• About

    ProZD is the internet handle of voice actor SungWon Cho, who rose to internet prominence via videos posted to his Vine, YouTube, and Instagram accounts in which he often makes fun of tropes in video games and anime.

    History

    Cho uploaded the first video to his YouTube account on May 16th, 2006.[1] His first video to gain significant interest utilizing his voice-acting talents, posted June 4th, 2010, featured him singing a parody of the Disney song “Under the Sea” in the voice of Bioshock character Andrew Ryan (shown below).



    Over the next few years, Cho built a YouTube following by doing dubs of animations for video games like Phoenix Wright: Ace Attorney and Professor Layton.[2]

    Goofy Covers

    On February 7th, 2014, he uploaded to his Tumblr what would become his most viral work yet, a cover of the Frozen song “Let It Go” sung in the voice of Disney character Goofy.[3] On Tumblr, it has gained over 70,000 notes. The same day, he uploaded the song to YouTube, where it gained over 653,000 views (shown below).



    The popularity of his Goofy-voice covers brought Cho his widest audience yet. Two months after his Frozen covers, Cho uploaded a video of himself singing Evanescense’s Bring Me to Life, which garnered over 3.2 million views (shown below).


    Vine

    On November 14th, 2014, Cho started a Vine account with a post of him singing in the voice of a dancing turtle (YouTube repost shown below).[4]



    On his Vine, Cho introduced one of his most recognizable styles, filming himself as he imitates popular video game and anime tropes. On Vine, he gained over 196.7k followers before the site shut down. He has posted all of his Vines to his Instagram account,[5] which has over 37.6k followers, to his YouTube account, which has over 215,000 subscribers.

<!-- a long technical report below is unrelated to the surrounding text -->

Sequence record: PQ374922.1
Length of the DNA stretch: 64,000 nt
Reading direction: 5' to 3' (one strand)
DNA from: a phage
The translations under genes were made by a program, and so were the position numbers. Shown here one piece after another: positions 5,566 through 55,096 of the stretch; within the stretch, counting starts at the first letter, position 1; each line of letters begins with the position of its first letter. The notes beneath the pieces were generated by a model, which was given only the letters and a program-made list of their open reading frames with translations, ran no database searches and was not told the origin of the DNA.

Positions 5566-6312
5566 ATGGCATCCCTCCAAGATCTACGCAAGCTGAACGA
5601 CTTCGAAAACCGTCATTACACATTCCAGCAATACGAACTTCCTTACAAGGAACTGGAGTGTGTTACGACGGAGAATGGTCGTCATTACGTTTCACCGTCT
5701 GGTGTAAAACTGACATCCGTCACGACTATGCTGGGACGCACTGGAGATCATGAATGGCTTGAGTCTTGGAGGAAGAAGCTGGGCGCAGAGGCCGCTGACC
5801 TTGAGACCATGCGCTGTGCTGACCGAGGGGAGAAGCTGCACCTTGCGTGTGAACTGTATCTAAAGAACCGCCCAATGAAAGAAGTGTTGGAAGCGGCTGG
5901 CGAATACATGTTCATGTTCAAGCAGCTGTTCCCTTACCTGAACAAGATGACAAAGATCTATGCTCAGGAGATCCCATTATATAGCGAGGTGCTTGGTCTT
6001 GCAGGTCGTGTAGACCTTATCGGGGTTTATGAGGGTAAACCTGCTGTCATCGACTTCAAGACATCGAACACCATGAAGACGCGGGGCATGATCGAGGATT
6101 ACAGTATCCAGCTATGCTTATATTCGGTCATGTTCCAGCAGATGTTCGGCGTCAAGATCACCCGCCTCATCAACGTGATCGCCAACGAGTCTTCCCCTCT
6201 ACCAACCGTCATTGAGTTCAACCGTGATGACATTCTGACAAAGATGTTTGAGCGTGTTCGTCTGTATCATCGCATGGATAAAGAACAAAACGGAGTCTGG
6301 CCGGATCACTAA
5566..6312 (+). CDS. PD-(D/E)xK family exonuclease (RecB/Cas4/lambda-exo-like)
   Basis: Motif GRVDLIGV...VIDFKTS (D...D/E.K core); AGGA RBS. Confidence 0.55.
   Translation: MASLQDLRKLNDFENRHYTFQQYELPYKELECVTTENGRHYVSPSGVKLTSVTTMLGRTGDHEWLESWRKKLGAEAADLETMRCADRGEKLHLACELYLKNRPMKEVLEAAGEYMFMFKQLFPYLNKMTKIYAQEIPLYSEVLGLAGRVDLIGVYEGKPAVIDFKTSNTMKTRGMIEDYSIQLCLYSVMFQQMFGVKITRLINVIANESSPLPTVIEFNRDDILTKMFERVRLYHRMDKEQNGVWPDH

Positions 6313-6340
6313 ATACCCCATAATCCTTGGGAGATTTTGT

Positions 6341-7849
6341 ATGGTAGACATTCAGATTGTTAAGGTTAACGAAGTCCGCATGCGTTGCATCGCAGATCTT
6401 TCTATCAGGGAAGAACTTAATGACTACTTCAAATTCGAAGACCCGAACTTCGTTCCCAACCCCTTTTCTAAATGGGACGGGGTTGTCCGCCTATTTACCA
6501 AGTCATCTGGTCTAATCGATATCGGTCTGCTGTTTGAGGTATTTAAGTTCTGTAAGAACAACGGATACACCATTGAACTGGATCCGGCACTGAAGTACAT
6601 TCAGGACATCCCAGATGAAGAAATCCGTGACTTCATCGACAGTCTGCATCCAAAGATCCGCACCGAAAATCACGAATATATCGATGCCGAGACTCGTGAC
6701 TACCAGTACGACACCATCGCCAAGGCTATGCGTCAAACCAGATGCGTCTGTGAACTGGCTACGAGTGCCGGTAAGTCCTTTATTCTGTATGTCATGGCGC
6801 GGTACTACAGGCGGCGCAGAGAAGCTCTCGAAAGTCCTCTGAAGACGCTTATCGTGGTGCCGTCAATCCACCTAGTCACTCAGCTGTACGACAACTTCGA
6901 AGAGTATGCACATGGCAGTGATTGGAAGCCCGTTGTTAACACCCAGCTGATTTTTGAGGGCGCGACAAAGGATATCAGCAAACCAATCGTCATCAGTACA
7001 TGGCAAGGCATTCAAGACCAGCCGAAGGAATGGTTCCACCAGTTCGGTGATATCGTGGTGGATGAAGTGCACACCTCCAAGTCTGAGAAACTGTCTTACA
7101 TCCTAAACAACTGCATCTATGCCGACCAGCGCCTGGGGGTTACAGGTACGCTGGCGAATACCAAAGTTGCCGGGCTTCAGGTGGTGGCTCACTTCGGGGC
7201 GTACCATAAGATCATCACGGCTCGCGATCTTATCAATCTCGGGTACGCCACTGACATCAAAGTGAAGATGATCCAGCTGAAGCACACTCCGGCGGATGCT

Various Examples



    Search Interest

    External References

    [1]YouTube – Mr. Smiley and You

    [2]YouTube – ProZD Uploads

    [3]Tumblr – Let It Go cover

    [4]Vine – ProZD first post

    [5]Instagram – prozd


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  • 02/03/17--13:24: Just Give 'Em One of These
  • WIP


    About

    “Just Give ’Em One of These” is a quote uttered on a memorable scene from the American animated sitcom The Simpsons, in which character Moe Szyslak teaches how to self-defense with dances moves. The scene has inspired several remixes, where other songs are played over his dance.

    Origin

    The scene comes from the 22nd episode of The Simpson’s fifth season, Secrets of a Successful Marriage, first aired in May 19th, 1994. In the episode, Homer goes to an adult education center and peeks on a class of “Funk Dancing for Self-Defense” hosted by Moe. After doing some dance moves, Moe grabs a shotgun and fires several times.




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  • 02/03/17--15:14: Rigby's Mixtape
  • About

    Rigby’s Mixtape is a video series from the animated series Regular Show.

    Origin

    From the episode “Video Game Wizards”, Throughout the trip, Rigby aggressively targets Mordecai for not picking him. Rigby even went to the extent of making a Mix-Tape with a song he recorded himself, called “Never Pick Their Friends”. He also made matching shirts, one of which was obviously made for himself, but he gives it to Skips anyway. The night before the tournament, Rigby blasts Never Pick Their Friends from a boombox outside of the hotel they are all staying at, much to Mordecai’s dismay.[1] (Shown Below)



    Spread

    On Apr 17, 2012, Youtuber Omnitrix024 uploaded a video called “SNSD’s The Boys on Rigby’s Mix Tape” which had 5,898 views.



    Various Examples



    Search Interest

    External References

    [1]Regular Show Wiki – Video Game Wizards


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  • 02/04/17--04:35: Mr Kown
  • About

    Mr Kown is the name given to a short copypasta commonly found on 4chan’s /trash/ board to convey confusion and/or disgust with the thread’s topic, usually fetish threads.

    Origin